There is no consensus among scientists as to whether or not there was a vision of progress in ancient times. For a long time it was believed that the ancient authors did not know this concept, although the opposite point of view was also expressed. R. Nisbeth draws attention to the myth of Prometheus, which includes the idea of moving from need to prosperity, glorifies human ingenuity and contains the prerequisites for the deployment of progress over time. One way or another, the views of the most important thinkers of antiquity were very different from those of the modern world. Plato and Aristotle have followed a cyclical approach, believing that development occurs spontaneously and disasters and decay are inevitable, and they return in the form of natural disasters or disease. Society begins with the family and comes to the policy – the only decent form of social organization. At the same time, there is no tendency towards its establishment, nor is there any stable form of political system. In the dialogue “Politician” Plato cites a famous Greek myth about the Golden Age, the history of the gradual decline and degeneration of five generations of people (the myth is written by Hesiod in “Labor and Days”). According to Plato, the change of centuries is associated with the movement of the earth, which affects the attention of the gods; after the golden age, the gods left people to themselves.
The third influential philosopher of antiquity, Christian thinker Aurelius Augustine presented a radically new, linear view of history, rejecting the cyclical approach and doctrine of eternal return. According to his essay “On the City of God”, the birth, death and resurrection of Christ is a unique event; some people will find eternal life in the “City of God”, others will be sentenced to an eternal curse in the “City of Earth”. The linearity of this approach is similar to later concepts of progress, but in contrast, the history of Augustine’s salvation aims to save only part of humanity and remains within the Christian religion.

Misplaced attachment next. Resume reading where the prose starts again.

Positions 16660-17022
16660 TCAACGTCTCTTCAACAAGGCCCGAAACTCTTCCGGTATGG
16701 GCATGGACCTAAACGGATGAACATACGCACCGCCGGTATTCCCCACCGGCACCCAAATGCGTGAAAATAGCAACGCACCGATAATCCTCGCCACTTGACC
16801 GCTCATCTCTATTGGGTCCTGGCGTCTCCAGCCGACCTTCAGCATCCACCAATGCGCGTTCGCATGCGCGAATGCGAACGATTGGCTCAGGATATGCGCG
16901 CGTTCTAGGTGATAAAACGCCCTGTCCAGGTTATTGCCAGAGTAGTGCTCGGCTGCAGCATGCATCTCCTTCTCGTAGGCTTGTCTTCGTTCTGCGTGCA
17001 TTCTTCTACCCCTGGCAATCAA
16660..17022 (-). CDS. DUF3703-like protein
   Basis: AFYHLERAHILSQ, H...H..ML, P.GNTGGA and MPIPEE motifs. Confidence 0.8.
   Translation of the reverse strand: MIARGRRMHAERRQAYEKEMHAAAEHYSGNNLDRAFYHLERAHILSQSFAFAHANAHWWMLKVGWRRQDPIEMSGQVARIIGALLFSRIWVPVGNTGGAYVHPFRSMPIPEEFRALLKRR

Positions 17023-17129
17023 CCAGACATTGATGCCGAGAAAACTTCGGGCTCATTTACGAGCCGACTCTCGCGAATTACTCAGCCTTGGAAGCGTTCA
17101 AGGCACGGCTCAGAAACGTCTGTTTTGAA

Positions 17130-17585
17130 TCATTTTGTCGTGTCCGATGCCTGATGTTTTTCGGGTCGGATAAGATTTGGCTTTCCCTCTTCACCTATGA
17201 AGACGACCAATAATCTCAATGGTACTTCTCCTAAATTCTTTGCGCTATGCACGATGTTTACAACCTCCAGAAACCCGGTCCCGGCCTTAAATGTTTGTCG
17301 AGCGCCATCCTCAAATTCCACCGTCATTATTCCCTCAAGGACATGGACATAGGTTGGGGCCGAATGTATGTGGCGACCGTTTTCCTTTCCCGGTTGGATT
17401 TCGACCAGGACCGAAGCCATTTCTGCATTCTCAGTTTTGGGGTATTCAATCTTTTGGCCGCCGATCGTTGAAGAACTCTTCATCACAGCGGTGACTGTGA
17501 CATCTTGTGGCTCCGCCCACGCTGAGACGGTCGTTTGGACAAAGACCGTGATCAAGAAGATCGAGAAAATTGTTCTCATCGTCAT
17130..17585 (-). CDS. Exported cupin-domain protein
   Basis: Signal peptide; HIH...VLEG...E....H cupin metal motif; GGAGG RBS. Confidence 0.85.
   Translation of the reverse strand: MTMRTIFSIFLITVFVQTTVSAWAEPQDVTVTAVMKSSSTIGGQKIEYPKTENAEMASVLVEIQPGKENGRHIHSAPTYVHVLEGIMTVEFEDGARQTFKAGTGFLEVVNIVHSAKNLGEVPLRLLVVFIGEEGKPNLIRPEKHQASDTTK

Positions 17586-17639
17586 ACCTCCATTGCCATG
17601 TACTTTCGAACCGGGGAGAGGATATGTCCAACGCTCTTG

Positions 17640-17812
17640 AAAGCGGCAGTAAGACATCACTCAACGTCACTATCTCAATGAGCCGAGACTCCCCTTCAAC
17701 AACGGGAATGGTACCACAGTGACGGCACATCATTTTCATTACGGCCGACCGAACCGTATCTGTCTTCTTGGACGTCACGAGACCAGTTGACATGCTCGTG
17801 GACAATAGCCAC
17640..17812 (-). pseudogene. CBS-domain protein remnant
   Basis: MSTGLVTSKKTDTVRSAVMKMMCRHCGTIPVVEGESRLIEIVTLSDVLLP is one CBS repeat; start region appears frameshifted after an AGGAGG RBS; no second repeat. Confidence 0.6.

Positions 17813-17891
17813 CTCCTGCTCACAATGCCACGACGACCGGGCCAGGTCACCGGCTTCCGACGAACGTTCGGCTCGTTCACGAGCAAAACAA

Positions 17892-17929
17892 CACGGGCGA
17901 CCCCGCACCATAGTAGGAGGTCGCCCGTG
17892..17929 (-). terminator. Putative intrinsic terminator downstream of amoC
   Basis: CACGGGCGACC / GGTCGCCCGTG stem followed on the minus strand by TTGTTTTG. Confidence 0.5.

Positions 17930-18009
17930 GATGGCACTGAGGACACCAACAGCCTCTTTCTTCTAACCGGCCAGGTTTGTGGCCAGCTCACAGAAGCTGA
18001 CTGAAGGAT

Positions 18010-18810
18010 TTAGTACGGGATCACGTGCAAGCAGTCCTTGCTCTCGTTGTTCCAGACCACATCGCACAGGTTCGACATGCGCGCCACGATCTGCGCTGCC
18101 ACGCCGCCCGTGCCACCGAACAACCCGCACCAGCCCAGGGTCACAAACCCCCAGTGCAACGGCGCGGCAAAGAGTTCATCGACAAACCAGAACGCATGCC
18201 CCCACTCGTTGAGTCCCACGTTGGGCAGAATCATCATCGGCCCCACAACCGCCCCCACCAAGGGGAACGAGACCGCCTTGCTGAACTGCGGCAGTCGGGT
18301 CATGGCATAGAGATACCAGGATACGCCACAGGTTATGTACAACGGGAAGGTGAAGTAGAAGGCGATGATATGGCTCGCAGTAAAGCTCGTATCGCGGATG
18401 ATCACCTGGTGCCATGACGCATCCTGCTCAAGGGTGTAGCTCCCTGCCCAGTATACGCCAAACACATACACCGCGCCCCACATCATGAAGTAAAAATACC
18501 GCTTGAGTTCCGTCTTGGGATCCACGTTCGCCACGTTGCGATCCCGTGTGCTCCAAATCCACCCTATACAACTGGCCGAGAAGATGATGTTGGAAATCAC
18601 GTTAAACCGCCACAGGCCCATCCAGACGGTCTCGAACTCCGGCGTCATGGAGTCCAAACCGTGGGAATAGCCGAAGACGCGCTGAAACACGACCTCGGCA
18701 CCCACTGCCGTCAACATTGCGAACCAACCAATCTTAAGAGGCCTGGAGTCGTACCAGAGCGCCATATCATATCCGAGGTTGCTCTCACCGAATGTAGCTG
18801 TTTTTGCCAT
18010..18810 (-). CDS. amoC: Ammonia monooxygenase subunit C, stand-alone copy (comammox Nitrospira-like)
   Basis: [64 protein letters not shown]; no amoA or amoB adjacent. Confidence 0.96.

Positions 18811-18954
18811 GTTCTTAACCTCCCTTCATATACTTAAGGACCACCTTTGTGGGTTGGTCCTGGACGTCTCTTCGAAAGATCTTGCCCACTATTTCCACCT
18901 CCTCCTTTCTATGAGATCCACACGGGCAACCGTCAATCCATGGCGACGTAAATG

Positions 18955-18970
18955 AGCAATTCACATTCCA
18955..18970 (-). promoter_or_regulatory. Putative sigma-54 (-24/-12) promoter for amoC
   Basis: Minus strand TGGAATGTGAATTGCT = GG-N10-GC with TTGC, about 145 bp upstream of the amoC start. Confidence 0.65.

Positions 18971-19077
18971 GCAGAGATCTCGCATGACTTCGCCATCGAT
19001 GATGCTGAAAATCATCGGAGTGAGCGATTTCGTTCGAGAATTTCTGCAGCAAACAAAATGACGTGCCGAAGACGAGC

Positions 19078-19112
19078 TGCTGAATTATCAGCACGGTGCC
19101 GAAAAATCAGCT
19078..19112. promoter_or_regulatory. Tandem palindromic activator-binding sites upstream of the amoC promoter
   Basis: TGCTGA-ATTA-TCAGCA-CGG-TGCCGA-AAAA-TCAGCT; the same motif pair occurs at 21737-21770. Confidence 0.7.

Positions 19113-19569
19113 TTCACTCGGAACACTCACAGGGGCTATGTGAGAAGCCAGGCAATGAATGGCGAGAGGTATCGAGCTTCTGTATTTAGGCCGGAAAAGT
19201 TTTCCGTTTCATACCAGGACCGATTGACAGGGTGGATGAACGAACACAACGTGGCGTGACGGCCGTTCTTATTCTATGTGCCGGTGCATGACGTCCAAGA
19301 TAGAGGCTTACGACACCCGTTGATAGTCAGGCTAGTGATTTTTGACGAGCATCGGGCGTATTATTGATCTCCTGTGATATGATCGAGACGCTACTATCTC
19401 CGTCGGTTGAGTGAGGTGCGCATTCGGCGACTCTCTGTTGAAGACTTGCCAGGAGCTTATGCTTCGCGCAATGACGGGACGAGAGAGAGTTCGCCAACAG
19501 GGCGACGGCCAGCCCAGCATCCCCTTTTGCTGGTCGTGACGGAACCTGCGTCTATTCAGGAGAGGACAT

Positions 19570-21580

Progress SVG Development of the concept
The idea that humanity is developing along the path of increasing political and social progress appears in the Age of Enlightenment (though Voltaire and Montesquieu do not yet have it, and it has become popular with late enlighteners). The first to present a consistent theory of progress was Abbot Saint-Pierre in his book “Comments on the Continuous Progress of the General Mind” (1737). The great French philosophy of history of the second half of the XVIII century, which began with the “Discourse on the consistent progress of the human mind” by Tyurgo (1750) and crowned with “Sketches of the historical picture of the progress of the human mind” by Condorcé (1794), fits into the ideological background of positivism. At the same time, the proponent of Türgo’s enlightened despotism will retain faith in the providence of God as the source of the general course of history, while in the works of his anticlerical disciple Condorsa the pure natural law of progress has come into force, which, as the author noted with some caution, “is almost as reliable as the law of nature.
From the point of view of Marxism, progress is a movement of nature and society based on the laws of dialectics towards greater integrity and complexity, harmony and structural order, towards a more perfect society based on overcoming the alienation of man and the full realization of his creative potential (“Criticism of the Gothic program”, “Capital”, “Economic and philosophical manuscripts of 1844”). According to Lenin’s opinion, “it is undialectical, unscientific and theoretically incorrect to imagine a world history going smoothly and accurately forward, without giant leaps backwards sometimes”.